Hartmut Rosa advances an account of the temporal structure of society from the perspective of critical theory. He identifies three categories of change in the tempo of modern social life: technological acceleration, evident in transportation, communication, and production; the acceleration of social change, reflected in cultural knowledge, social institutions, and personal relationships; and acceleration in the pace of life, which happens despite the expectation that technological change should increase an individual's free time. According to Rosa, both the structural and cultural aspects of our institutions and practices are marked by the "shrinking of the present," a decreasing time period during which expectations based on past experience reliably match the future. When this phenomenon combines with technological acceleration and the increasing pace of life, time seems to flow ever faster, making our relationships to each other and the world fluid and problematic. It is as if we are standing on "slipping slopes," a steep social terrain that is itself in motion and in turn demands faster lives and technology.
As Rosa deftly shows, this self-reinforcing feedback loop fundamentally determines the character of modern life.
Hartmut Rosa is professor of sociology and political science at the Friedrich-Schiller-Universitat Jena. He is the author of Alienation and Acceleration: Towards a Critical Theory of Late-Modern Temporality and coeditor, with William E. Scheuerman, High-Speed Society: Social Acceleration, Power, and Modernity. Jonathan Trejo-Mathys (1979-2014) was assistant professor of philosophy at Boston College.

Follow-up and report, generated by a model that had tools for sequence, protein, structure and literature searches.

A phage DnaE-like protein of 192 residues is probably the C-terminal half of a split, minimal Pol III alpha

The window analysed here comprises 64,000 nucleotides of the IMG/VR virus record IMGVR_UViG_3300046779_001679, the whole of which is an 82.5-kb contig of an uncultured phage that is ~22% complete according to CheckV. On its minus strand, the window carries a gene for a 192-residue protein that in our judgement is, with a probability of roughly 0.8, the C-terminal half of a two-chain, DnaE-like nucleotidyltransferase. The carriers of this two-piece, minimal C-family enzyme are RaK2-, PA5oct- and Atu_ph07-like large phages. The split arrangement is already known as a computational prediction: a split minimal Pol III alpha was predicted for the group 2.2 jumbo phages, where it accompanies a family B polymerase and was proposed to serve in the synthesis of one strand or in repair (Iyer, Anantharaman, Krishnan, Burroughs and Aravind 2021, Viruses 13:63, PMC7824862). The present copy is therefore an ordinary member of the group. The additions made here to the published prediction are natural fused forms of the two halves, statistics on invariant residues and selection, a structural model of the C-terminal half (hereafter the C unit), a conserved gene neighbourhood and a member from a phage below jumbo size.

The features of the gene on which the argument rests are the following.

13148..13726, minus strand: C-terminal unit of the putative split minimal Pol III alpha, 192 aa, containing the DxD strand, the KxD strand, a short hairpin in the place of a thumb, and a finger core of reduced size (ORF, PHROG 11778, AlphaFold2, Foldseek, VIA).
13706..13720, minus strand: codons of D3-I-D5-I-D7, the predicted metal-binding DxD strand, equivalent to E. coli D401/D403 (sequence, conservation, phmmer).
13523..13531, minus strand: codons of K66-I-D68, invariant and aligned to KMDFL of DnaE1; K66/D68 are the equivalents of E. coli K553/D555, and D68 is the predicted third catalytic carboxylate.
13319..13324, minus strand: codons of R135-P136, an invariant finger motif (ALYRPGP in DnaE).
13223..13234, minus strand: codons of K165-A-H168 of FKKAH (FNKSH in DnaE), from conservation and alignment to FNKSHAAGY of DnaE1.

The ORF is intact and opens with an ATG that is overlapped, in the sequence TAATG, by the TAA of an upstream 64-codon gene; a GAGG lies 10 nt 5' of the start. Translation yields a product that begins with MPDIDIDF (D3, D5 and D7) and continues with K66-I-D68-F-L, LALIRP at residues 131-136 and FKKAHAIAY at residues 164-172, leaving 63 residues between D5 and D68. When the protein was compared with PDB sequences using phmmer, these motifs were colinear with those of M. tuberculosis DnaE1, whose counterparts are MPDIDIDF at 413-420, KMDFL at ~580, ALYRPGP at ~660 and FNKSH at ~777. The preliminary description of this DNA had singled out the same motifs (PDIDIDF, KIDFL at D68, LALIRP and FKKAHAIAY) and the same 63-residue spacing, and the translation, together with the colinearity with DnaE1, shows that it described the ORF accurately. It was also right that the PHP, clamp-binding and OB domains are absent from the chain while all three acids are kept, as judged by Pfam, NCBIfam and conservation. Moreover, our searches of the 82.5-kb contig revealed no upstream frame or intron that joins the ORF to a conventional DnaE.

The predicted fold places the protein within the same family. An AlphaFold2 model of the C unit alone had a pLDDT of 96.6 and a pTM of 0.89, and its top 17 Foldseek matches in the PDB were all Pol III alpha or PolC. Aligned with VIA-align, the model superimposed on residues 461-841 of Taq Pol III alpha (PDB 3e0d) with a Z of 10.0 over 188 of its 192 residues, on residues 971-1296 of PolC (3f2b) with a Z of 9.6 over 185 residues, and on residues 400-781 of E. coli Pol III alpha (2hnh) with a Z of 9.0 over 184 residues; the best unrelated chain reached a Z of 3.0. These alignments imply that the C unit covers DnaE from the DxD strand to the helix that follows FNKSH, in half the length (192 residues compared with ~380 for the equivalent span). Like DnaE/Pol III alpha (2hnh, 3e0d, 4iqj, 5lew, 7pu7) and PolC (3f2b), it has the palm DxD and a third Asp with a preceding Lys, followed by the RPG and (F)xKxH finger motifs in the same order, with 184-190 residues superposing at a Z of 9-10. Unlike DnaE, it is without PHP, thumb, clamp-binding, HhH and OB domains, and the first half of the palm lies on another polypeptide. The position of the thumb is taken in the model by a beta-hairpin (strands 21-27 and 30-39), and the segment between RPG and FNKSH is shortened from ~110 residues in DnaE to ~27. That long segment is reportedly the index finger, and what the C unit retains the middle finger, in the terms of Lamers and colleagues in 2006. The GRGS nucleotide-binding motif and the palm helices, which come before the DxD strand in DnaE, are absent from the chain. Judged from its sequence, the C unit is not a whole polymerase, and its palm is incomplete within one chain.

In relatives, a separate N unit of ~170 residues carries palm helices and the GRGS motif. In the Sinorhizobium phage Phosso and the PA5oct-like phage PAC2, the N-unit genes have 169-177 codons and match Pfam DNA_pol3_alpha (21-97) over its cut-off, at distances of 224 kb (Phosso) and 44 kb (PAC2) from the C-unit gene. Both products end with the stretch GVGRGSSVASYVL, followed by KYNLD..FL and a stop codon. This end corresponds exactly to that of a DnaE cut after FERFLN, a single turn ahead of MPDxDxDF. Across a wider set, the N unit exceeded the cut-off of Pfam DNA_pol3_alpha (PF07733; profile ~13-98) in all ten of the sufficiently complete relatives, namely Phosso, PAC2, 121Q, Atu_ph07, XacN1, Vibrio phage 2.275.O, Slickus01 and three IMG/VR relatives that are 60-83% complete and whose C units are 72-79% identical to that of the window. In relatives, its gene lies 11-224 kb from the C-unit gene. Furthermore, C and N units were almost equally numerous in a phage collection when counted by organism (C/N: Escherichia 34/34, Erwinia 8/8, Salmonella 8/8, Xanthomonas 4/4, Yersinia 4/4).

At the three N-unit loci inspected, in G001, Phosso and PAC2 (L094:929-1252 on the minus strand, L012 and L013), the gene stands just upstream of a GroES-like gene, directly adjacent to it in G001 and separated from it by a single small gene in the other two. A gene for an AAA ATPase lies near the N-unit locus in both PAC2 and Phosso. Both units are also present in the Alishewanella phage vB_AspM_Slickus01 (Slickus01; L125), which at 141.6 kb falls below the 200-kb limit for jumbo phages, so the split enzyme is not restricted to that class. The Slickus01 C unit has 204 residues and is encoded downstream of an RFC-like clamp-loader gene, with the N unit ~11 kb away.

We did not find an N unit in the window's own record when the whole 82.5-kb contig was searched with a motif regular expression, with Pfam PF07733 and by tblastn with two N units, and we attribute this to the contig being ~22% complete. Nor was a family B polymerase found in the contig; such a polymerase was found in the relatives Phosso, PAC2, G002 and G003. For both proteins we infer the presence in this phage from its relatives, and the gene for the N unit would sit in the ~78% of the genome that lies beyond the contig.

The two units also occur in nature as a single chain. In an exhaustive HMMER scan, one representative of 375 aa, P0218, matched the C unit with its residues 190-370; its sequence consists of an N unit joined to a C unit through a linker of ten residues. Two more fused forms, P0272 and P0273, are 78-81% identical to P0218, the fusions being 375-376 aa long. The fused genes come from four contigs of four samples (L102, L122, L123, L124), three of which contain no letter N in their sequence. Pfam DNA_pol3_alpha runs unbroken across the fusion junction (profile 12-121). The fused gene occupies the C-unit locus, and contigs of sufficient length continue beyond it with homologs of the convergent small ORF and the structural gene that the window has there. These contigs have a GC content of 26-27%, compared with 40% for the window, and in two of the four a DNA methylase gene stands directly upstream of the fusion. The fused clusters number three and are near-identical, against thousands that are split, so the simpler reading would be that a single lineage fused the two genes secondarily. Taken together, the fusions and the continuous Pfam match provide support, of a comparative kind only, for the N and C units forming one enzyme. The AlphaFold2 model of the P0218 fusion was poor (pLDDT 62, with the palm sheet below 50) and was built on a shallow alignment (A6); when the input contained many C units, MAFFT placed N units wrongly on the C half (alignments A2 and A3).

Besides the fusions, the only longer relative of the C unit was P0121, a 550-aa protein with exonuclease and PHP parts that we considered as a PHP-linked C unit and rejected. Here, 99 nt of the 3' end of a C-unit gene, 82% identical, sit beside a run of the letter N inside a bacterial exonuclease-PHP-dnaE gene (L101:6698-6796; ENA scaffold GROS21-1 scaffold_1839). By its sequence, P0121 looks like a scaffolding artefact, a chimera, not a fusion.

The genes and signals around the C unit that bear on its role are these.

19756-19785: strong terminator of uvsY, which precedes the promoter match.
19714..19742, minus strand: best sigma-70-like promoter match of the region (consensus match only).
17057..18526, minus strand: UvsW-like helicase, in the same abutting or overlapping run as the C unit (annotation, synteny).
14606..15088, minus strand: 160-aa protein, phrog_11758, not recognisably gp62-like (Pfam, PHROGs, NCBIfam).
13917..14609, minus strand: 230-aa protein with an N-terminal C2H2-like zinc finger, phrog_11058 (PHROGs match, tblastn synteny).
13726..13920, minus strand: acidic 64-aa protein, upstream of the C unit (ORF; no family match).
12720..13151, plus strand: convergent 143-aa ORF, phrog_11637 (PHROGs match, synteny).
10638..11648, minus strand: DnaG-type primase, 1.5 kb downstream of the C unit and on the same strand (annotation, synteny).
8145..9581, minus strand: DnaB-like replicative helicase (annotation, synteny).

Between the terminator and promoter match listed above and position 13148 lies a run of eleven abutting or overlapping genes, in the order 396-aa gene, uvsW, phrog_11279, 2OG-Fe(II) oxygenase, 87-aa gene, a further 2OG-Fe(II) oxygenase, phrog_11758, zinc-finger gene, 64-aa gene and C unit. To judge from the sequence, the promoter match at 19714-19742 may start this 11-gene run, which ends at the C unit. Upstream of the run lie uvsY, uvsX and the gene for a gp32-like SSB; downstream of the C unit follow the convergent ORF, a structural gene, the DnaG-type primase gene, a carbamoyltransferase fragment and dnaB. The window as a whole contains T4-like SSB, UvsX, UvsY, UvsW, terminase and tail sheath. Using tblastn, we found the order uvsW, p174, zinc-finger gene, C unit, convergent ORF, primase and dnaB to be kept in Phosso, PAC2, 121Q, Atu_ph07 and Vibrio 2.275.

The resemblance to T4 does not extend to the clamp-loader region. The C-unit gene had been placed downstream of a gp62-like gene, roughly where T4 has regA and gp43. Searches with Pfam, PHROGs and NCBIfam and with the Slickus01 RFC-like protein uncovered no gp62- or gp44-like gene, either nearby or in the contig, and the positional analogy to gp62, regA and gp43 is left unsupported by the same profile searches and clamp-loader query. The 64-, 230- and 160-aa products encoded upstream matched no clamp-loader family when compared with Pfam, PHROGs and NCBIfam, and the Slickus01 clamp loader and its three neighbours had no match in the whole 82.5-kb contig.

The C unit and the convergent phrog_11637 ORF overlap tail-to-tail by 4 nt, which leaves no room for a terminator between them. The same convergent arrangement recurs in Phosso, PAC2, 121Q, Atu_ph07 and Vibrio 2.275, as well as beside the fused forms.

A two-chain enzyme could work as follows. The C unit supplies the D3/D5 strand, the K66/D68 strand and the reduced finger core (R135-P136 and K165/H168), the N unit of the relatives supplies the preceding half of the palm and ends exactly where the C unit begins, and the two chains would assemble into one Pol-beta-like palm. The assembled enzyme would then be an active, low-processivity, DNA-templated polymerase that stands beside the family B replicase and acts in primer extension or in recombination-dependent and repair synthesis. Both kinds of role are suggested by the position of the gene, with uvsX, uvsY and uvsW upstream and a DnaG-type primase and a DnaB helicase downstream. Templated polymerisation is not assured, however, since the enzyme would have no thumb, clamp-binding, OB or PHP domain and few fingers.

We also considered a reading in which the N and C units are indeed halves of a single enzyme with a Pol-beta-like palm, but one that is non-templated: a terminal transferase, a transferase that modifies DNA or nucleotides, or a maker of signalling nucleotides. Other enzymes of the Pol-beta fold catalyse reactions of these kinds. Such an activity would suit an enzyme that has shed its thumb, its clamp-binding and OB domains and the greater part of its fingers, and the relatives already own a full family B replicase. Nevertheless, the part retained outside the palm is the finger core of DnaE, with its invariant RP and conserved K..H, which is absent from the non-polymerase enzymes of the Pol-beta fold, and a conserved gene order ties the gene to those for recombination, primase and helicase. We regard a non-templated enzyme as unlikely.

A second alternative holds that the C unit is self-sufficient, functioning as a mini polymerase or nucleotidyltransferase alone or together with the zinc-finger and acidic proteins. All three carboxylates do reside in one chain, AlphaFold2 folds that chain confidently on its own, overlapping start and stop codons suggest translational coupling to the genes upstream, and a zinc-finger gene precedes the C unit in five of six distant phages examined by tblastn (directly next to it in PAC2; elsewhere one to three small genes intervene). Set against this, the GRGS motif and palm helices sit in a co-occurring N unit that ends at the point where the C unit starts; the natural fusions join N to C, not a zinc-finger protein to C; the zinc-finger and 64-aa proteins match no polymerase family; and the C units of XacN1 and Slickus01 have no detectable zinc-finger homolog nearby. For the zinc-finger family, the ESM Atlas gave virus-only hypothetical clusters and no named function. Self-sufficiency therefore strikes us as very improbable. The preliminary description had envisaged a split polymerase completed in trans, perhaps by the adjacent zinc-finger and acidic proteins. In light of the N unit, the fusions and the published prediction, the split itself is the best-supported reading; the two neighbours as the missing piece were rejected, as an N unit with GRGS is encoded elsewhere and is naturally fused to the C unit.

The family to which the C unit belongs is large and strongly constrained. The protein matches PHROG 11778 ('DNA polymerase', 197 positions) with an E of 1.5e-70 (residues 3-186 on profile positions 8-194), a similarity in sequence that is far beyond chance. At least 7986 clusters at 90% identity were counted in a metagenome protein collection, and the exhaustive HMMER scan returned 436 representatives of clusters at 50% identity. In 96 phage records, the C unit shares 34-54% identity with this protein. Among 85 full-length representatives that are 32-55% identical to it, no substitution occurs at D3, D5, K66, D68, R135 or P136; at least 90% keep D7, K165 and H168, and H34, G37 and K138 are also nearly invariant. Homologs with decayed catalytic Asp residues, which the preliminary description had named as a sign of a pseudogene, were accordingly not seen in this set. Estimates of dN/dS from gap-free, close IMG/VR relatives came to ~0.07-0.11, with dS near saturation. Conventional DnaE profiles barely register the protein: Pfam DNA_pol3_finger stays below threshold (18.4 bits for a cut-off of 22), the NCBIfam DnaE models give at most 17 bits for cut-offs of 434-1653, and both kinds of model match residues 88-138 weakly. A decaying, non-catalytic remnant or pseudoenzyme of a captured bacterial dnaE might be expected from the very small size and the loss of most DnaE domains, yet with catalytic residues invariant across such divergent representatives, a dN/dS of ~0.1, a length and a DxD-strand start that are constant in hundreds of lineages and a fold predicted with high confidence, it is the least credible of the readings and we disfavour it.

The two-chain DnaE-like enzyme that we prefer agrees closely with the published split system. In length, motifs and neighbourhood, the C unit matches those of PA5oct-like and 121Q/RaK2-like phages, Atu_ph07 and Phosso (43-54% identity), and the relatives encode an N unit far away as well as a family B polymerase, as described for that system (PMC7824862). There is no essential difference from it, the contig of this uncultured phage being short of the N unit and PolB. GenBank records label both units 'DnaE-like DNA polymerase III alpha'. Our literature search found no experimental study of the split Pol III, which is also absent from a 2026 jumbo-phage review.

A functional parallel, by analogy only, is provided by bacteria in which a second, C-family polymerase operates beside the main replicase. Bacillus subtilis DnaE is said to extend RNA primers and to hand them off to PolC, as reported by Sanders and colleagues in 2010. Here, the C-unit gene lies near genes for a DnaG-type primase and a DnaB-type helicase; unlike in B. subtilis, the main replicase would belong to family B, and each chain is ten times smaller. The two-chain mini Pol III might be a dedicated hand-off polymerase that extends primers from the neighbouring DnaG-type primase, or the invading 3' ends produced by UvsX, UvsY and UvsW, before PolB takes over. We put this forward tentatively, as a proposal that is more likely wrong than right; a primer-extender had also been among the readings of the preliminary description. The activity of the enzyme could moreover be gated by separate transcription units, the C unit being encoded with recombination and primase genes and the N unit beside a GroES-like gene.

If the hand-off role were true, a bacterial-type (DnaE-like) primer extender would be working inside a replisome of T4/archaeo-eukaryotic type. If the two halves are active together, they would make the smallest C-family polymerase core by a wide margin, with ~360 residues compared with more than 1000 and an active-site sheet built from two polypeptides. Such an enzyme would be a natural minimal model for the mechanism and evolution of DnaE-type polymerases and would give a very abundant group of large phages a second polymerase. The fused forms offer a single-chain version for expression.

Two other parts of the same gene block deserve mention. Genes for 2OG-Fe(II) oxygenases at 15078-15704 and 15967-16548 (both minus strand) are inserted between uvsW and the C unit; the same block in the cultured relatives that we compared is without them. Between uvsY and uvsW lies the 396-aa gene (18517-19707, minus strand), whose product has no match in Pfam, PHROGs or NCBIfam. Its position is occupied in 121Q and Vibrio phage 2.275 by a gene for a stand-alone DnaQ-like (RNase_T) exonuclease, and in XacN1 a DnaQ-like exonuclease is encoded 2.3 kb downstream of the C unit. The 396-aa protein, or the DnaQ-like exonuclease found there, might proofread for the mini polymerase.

Translator's Introduction In Place of a Preface Introduction Part 1. The Categorial Framework of a Systematic Theory of Social Acceleration 1. From the Love of Movement to the Law of Acceleration: Observations of Modernity 2. What Is Social Acceleration? Part 2. Mechanisms and Manifestations: A Phenomenology of Social Acceleration 3. Technical Acceleration and the Revolutionizing of the Space-Time Regime 4. Slipping Slopes: The Acceleration of Social Change and the Increase of Contingency 5. The Acceleration of the "Pace of Life" and Paradoxes in the Experience of Time Part 3. Causes 6. The Speeding Up of Society as a Self-Propelling Process: The Circle of Acceleration 7. Acceleration and Growth: External Drivers of Social Acceleration 8. Power Part 4. Consequences 9. Acceleration 10. Situational Identity: Of Drifters and Players 11. Situational Politics: Paradoxical Time Horizons Between Desynchronization and Disintegration 12. Acceleration and Rigidity: Attempt at a Redefinition of Modernity Conclusion: Frenetic Standstill? The End of History Bibliography Index